I'll spill the beans about what the Grand Prize was: Hair & Make-up at Mad Vintage (hair salon), Make-up with Shimmer N' Shade (make-up artist), $10 gift certificate from Blue Door Antiques, a hair flower from NiccocoCreations, a martini mermaid cosmetic bag from Fluff, a one-week pass to the Alaska Club (gym), a photoshoot with Little Bear Photography, a hand-painted retro-inspired fishing lure from me, cat-eye sunglasses, a pin-up decal, and...gosh....what else?   I think there was something else, but I totally forgot!

All the girls walked away with a goody bag.  Second and third place winners walked away with a little extra. ;)  We kicked some butt with the prizes, right?!  We think so!

At the last minute, I was asked to emcee the pageant.  I've never backed away from public speaking (speaking over the phone gives me a bit of anxiety - go figure) and plan on doing my best.

If any local girls are reading this, we will be meeting at Kodiak Jack's tonight at 9pm for downtime and drinks!  Come join us!

Here are some pictures from the event.  Enjoy!

Winner: Cherry Darling!

Thursday, May 19, 2016

Types of Rockabilly Men

I was looking around for an article on rockabilly men and I couldn't really find anything.  Isn't that strange?  I think it would be swell to see more articles on the men in our subculture.

I have decided to talk about Types of Rockabilly Men (I'll include those vintage lifers in here too) and their general look. 


I have found that there are two types of Greasers: the car kulture guys and the guys who do it for ease.  In general, the standard style is cuffed jeans, t-shirt (typically white or black), bowling or work shirt, and either converse all-stars or leather work boots.  The car kulture guys sometimes belong to a car club and will have a jacket or vest with the logo.  I want to point out that the car kulture guys actually work on their own car or restoring cars as a job - it's not just a fun term.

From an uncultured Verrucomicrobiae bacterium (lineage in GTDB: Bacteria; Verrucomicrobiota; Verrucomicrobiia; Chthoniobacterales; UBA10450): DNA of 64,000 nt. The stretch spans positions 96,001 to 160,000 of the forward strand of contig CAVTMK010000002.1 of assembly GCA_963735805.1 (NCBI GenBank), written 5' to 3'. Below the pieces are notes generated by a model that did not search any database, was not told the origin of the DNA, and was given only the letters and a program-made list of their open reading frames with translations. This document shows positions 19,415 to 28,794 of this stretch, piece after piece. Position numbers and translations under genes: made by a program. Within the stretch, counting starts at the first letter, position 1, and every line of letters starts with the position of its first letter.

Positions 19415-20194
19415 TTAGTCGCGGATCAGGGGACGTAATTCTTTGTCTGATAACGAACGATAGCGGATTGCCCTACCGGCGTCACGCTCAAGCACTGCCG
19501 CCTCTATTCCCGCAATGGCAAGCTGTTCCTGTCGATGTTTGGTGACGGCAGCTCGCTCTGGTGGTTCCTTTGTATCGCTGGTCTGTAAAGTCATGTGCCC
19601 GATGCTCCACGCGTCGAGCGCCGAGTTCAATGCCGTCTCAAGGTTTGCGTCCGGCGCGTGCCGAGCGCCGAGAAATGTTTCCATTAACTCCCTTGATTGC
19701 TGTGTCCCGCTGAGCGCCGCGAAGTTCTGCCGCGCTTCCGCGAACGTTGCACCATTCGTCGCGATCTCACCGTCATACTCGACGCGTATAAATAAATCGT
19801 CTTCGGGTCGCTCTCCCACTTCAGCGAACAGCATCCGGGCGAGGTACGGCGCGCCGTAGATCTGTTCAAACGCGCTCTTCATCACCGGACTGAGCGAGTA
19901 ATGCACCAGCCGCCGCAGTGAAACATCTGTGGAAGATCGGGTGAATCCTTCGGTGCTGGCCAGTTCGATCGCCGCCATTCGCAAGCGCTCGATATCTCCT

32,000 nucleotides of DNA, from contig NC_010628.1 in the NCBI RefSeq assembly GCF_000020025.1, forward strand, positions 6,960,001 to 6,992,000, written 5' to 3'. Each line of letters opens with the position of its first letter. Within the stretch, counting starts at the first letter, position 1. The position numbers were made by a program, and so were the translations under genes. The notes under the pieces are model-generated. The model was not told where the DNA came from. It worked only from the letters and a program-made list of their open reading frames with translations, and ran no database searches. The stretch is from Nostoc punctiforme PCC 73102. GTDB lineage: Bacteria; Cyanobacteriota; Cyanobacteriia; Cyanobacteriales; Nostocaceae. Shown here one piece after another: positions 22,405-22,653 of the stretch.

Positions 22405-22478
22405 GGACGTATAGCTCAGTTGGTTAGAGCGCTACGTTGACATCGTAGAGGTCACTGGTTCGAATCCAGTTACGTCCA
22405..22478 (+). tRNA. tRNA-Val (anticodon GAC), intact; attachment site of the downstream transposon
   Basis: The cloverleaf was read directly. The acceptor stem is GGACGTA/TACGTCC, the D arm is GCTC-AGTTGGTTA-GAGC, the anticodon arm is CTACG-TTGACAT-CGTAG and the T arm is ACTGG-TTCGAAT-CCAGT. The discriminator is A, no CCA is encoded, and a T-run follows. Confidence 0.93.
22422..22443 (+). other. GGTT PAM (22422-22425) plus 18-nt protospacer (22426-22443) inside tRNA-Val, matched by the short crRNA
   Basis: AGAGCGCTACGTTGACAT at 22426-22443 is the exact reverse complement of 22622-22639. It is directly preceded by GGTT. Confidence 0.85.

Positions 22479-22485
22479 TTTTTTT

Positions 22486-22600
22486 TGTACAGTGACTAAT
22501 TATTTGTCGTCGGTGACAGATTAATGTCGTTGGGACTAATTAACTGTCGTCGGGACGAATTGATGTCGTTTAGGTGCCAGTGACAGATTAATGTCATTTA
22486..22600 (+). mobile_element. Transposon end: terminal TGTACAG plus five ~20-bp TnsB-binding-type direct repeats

Vintage Lifers
These men have everyday clothes (vintage or reproduction) of the 1940s and 1950s.  They also probably live in a house/apartment/abode that looks like a time capsule once you step inside; if not, they probably are in the process of getting there.  You're going to find these guys owning a pretty wide variety of clothing, not shying away from a pink shirt, comfortable wearing a suit and fedora, etc.  If these guys wear jeans, it's probably not going to be to work unless their job demands something a bit more heavy duty.

Teddy Boys
Teddy boys is kind of 1950s-does-Edwardian (hence "Teddy").  They tend to wear frock coats and vest, slim pants or pegged pants or high-waisted drainpipe trousers, "slim jim" ties or western "maverick" ties, sunglasses, creepers (shoes) or leather dress shoes, and their hair is usually in a fancier men's style like a jelly roll or a DA.

Reverend Horton Heat in western style

The western guys have an old-school 1950s western vibe.  They often wear western shirts, sometimes with Mexican themes.  They tend to wear western-style box jackets.  Often, they have native american, wild west, and Mexican themes to their clothing and accessories.  Western boots, wool barn coats, and cowboy hats are pretty common too.

This is punk-meets-rockabilly.  These guys essentially wear what various types of rockabilly guys wear, but it might be in day-glo colors or covered in studs/spikes.  They tend to be more open to modern types of fabric - such as vinyl pants or spandex or just stuff with modern prints instead of 1940s/1950s prints.  They tend to push the style to extremes with hair dye, super high pompadours, etc.

Captain America film

These guys stick to the 1940s, often with WWII flair.  These guys sometimes also re-enact WWII stuff.  You'll find that a lot of the flyboys won't wear zoot suits due to the history behind them.  The 1940s style of trousers went from a wider leg to a narrower leg.  You'll find them wearing fedoras, either trench coats or Ike coats (WWII short coats), saddle shoes or wingtips or loafers, wide ties, suspenders, etc.